- The deadline for submitting Expressions of Interest is 9 October 2013.
Catherine Brett – External Relations Manager
Tel: +32 2 541 8214 - Mobile: +32 484 896227 - E-mail: [email protected]
Notes for Editors
IMI 9th Call for proposals – budget breakdown
|Topic||IMI JU contribution *||EFPIA in kind contribution *||Total budget *|
|WEBAE - leveraging emerging technology for pharmacovigilance||2.27||2.29||4.56|
|Developing innovative therapeutic interventions against physical frailty & sarcopenia (ITI-PF&S) as a prototype geriatric indication||24||25.31||49.31|
|Driving re-investment in R&D and responsible use of antibiotics||6.3||3.1||9.4|
|Clinical development of antibacterial agents for Gram-negative antibiotic resistant pathogens||30.55||41.55||72.1|
* € million
About IMI's antimicrobial resistance (AMR) programme
AMR represents a serious and growing threat to human and animal health worldwide. Resistance can also spread from animals to humans through the food chain or direct contact. According to the World Health Organization (WHO), 'antibiotic resistance is becoming a public health emergency of yet unknown proportions'. In the EU, AMR is responsible for some 25 000 deaths every year, and the annual treatment and social costs have been estimated at some €1.5 billion (ECDC/EMEA joint technical report "The bacterial challenge: time to react", 2009). Meanwhile, new forms of resistance continue to arise and spread, leaving clinicians with few weapons to bring infections under control. Yet despite the recognised need for new antibiotics, the reality is that only two new classes of antibiotics have been brought to the market in the last three decades.
The reasons for this are manifold. On the scientific front, there is an urgent need for a greater understanding of how antibiotics work, how bacteria develop resistance to them, and what molecular mechanisms could be exploited to get round bacterial defence mechanisms. Running clinical trials on new antibiotics is also problematic due to regulatory requirements and the large numbers of patients required– put simply, a lot of patients have to be recruited to the major studies of efficacy performed for each clinical indication sought in order to be sure of having enough patients with the resistant bacteria under investigation and to demonstrate that the new antibiotic is not inferior to comparable antibacterial drugs. These issues mean that the costs of carrying out a clinical trial on a new antibiotic are extremely high.
At the same time, because some antibiotics will only be used on a very small number of patients, the costs of development often exceed the potential return on investment. In other words, antibiotic development is simply no longer a financially viable option for pharmaceutical companies, and just a handful of pharmaceutical companies remain in the field.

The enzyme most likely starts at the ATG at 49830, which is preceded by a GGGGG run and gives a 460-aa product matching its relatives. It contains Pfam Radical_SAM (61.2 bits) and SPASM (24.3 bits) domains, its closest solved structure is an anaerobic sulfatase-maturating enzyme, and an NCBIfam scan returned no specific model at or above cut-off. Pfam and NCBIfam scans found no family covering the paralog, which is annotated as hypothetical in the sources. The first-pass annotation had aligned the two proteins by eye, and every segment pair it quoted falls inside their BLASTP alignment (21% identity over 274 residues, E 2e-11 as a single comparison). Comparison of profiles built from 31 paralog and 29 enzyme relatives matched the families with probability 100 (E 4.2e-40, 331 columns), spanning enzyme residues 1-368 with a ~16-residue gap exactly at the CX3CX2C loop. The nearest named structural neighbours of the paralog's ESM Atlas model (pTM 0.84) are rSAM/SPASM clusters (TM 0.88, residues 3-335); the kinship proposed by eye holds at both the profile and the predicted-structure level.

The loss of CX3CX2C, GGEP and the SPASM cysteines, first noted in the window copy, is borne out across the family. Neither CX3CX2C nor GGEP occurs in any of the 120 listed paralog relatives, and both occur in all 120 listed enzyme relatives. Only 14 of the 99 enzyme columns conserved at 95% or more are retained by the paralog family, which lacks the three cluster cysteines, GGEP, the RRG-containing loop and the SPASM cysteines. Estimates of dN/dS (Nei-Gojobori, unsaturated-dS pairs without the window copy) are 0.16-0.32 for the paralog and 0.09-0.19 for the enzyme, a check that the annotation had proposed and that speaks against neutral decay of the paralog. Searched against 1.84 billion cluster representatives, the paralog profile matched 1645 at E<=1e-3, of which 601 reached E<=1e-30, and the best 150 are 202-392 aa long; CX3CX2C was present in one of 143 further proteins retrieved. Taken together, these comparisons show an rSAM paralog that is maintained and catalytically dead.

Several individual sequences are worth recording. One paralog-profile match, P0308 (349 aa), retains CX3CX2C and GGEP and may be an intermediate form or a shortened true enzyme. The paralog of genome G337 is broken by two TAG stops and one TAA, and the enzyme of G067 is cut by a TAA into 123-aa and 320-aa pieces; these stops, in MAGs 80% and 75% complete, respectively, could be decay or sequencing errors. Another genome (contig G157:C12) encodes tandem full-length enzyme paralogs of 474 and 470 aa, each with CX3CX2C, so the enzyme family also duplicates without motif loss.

In its Action Plan against the rising threats from Antimicrobial Resistance of November 2011, the European Commission called for 'unprecedented collaborate research and development efforts to bring new antibiotics to patients' by, among other things, launching an IMI programme 'for research on new antibiotics aimed at improving the efficiency of research and development of new antibiotics through unprecedented open sharing of knowledge'.
The result is the New Drugs for Bad Bugs (ND4BB) programme. The first two projects under the programme,COMBACTE and TRANSLOCATION were launched in early 2013. A third topic under ND4BB was launched as part of IMI's 8th Call for proposals in December 2012; the resulting project should be ready for launch by the end of 2013. This 9th Call for proposals will bring the total number of projects in the ND4BB programme to 5.
Since the launch of ND4BB, the European Parliament has also weighed in on the issue. In December 2012 it adopted a resolution on the rising threat of AMR that highlights the important role of public-private partnerships in reinvigorating antimicrobial R&D. More recently, the UK's Chief Medical Officer issued areport that also highlights the challenging economics of antibiotic development (see page 83).
The Innovative Medicines Initiative (IMI) is the world's largest public-private partnership in health. IMI is improving the environment for pharmaceutical innovation in Europe by engaging and supporting networks of industrial and academic experts in collaborative research projects. The European Union contributes €1 billion to the IMI research programme, and this is matched by in kind contributions worth at least another €1 billion from the member companies of the European Federation of Pharmaceutical Industries and Associations (EFPIA).
The Innovative Medicines Initiative currently supports 40 projects, many of which are already producing impressive results. The projects are all working to address the biggest challenges in drug development, with the goal of accelerating the development of safer and more effective treatments for patients.